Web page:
In this ASCO meeting we organised a very interesting educational session that was emerging therapies for upper gastrointestinal malignancies. This session was very interesting because we tried to make an inductive work for the audience, trying to address since the translational research in gastric cancer and also oesophageal cancer and then trying to summarise what we have today in terms of targeted therapies, what trials we had that were positive, what trials were negative and also from those trials that were negative where we try to analyse what we could learn for the future trials in terms of selection of biomarkers, selection of patients and selection of target combinations to improve the outcomes in the near future.
Another thing that was very interesting that we addressed at that session was some topics regarding immunotherapy. Immunotherapy, as you know, is the cornerstone of many types of tumours like lung cancer, melanoma, [?? 1:15] cancer. So we have today pembrolizumab that is approved in Europe, the United States and also in Brazil as well to treat several types of cancers. We have nivolumab and other types of immune checkpoint inhibitors that are coming faster and faster in the new scenario today.
With respect to the gastric cancers we addressed gastric and oesophageal cancer. We addressed initially in our section the whole of some biomarkers like BRCA biomarker, like ATM biomarker, like HER2 as well. And also some techniques that you can use to assess and to address these biomarkers, for example NGS sequence. We also raised in the session that today it’s very important and it’s mandatory to assess HER2 biomarkers for every advanced gastric cancer that we have in our practice if it has an ECOG PS 1 until 2 or zero. So you can address these biomarkers in order to optimise the treatment and add trastuzumab if actually it’s pertinent to this type of patients.
As part of that we discussed ATM biomarker and olaparib because ATM biomarker negative patients were initially assessed for patients with gastric cancer and found that olaparib could have a good hold at this type of patients but unfortunately these were the results of a phase II trial, phase II 39 trial, that show actually some results in terms of the overall survival. But in the phase III trial, GOJ [?] trial, unfortunately these results were not actually significant. But despite that we discussed in that section that the results were not significant but some issues could be improved probably for a new trial in terms of how can we assess ATM in this type of patients and what kind of other biomarkers we can assess to see if olaparib or not actually has a result in terms of overall survival for this type of patient. This biomarker could be, for example, BRCA. BRCA mutation we know very well that is a predictive biomarker for olaparib in other types of tumours like, for example, ovarian tumours. Also we could try to put it in the clinical practice for EG junction and gastric cancer as well.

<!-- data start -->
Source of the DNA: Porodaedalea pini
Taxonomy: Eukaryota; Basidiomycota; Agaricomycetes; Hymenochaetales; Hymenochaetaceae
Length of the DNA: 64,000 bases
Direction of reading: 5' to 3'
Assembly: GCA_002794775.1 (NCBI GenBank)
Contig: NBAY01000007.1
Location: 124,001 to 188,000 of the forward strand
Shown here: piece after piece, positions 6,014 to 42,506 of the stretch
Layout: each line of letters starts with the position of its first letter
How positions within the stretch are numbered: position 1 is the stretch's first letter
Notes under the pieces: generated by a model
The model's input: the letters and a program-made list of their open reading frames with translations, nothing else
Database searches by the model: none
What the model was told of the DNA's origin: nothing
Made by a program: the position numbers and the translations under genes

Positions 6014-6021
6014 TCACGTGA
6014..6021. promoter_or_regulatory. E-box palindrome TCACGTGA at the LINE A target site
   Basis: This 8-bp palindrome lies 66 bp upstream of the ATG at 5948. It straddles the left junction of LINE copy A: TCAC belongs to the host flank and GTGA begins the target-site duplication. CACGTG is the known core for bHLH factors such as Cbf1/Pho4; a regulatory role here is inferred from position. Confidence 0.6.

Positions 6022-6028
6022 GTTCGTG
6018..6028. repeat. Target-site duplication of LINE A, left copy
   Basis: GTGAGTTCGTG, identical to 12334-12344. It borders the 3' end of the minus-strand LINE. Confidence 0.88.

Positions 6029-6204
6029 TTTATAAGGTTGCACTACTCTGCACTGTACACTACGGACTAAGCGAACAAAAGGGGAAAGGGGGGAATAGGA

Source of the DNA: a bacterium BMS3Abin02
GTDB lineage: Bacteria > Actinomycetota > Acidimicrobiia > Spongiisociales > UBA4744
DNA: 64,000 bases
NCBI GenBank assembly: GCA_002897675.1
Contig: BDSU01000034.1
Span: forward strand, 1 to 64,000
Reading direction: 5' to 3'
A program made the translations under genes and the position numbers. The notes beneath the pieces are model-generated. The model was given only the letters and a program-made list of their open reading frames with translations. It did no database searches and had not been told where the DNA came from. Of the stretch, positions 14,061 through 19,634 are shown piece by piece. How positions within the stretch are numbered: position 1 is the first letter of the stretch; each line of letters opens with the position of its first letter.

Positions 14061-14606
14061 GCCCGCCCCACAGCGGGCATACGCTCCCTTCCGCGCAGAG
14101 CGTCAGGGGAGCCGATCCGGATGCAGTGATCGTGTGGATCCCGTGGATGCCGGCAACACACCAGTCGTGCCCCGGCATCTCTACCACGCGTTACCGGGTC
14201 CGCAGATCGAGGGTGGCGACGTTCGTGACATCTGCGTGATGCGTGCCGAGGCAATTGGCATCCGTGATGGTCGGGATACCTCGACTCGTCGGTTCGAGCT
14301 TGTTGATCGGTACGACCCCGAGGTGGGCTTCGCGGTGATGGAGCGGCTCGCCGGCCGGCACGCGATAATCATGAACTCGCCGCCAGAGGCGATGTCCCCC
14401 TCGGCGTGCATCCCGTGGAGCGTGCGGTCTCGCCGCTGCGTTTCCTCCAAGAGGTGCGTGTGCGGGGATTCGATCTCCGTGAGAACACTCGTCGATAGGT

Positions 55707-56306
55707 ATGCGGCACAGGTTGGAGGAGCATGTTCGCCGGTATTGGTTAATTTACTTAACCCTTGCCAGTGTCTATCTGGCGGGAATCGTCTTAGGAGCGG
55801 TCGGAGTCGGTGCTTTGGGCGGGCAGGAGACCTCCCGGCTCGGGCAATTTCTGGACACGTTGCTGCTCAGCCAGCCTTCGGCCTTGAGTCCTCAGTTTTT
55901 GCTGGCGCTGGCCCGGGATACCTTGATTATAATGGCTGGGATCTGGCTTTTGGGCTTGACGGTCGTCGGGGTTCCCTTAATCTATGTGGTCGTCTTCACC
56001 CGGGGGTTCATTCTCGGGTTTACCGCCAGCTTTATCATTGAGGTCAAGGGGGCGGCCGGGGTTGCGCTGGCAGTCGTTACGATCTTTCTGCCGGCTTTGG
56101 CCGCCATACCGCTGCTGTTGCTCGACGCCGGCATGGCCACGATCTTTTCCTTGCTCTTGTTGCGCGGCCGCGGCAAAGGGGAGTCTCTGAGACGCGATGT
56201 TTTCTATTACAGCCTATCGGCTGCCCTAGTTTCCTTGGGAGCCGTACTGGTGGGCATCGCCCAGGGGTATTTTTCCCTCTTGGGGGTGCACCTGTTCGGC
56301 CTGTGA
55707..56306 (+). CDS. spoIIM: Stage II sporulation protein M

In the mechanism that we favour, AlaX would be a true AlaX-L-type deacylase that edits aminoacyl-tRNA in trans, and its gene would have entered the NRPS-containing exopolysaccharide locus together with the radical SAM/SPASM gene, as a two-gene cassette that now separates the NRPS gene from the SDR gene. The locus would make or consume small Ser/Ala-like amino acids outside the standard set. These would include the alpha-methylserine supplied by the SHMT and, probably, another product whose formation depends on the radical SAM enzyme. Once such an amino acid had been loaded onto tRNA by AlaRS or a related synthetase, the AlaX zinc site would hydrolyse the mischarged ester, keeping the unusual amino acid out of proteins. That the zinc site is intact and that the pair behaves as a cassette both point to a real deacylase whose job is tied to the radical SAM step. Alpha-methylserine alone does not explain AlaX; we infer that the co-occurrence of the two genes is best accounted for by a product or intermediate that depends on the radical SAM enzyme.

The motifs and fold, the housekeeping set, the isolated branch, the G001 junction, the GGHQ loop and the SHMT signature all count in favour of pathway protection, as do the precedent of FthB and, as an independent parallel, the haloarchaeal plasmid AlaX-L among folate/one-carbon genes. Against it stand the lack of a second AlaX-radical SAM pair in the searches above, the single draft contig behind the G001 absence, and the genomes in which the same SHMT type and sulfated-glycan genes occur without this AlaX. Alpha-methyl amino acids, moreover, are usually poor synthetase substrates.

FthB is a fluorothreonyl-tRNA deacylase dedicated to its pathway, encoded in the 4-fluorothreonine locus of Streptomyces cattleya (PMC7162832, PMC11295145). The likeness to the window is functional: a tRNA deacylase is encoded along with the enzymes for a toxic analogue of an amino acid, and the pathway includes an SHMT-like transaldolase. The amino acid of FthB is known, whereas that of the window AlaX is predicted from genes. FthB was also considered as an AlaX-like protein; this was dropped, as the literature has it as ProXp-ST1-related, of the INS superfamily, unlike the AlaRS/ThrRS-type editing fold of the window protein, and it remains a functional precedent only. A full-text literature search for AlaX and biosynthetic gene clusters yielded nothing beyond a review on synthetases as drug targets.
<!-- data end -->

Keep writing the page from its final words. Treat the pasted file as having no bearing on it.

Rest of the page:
Another type of biomarker we discussed was biomarkers that were involved in the resistance of immune checkpoints like MDM2, JAK1 and 2. So that was really discussed and I think it could come for the clinical practice in the near future.
In terms of immunotherapy we know that gastric cancer has a very high tumour burden mutation rate, especially in patients that are MSI high. So these are some subsets of patients that could respond very well to immune checkpoints like pembrolizumab, according to some phase II trials that we have. Probably in the near future tumour mutation burden could have a place as well in advanced gastric cancer to help us to select patients or tailor treatment in the best way of the practice.
In terms of overall take-home message, we know that today gastric cancer is a huge challenge disease, it’s a disease with a very high heterogeneity so in terms of molecular classification we have different partners among the distinct areas in the world. The Hispanic and Latin American people are not well studied in this type of classification so we need to focus our research and try to find out the profile of the TCGA classification in Hispanic patients as well because we have very high incidence areas in Latin America and also in the United States with Hispanic patients as well. So we should focus on this research.
We should also understand better other biomarkers and incorporate them into clinical practice to select better the immune checkpoint inhibitors and try to acquire better results in this type of patients. Also we should try to find out good combinations, or the best combinations, of immune checkpoints and also targeted drugs that could improve the outcomes in clinical trials as well.
So in the end I think gastric cancer is a very difficult disease to treat, it’s very heterogeneous. We still do not have too many weapons to treat that but things are going very fast in this scenario and will change in the near future.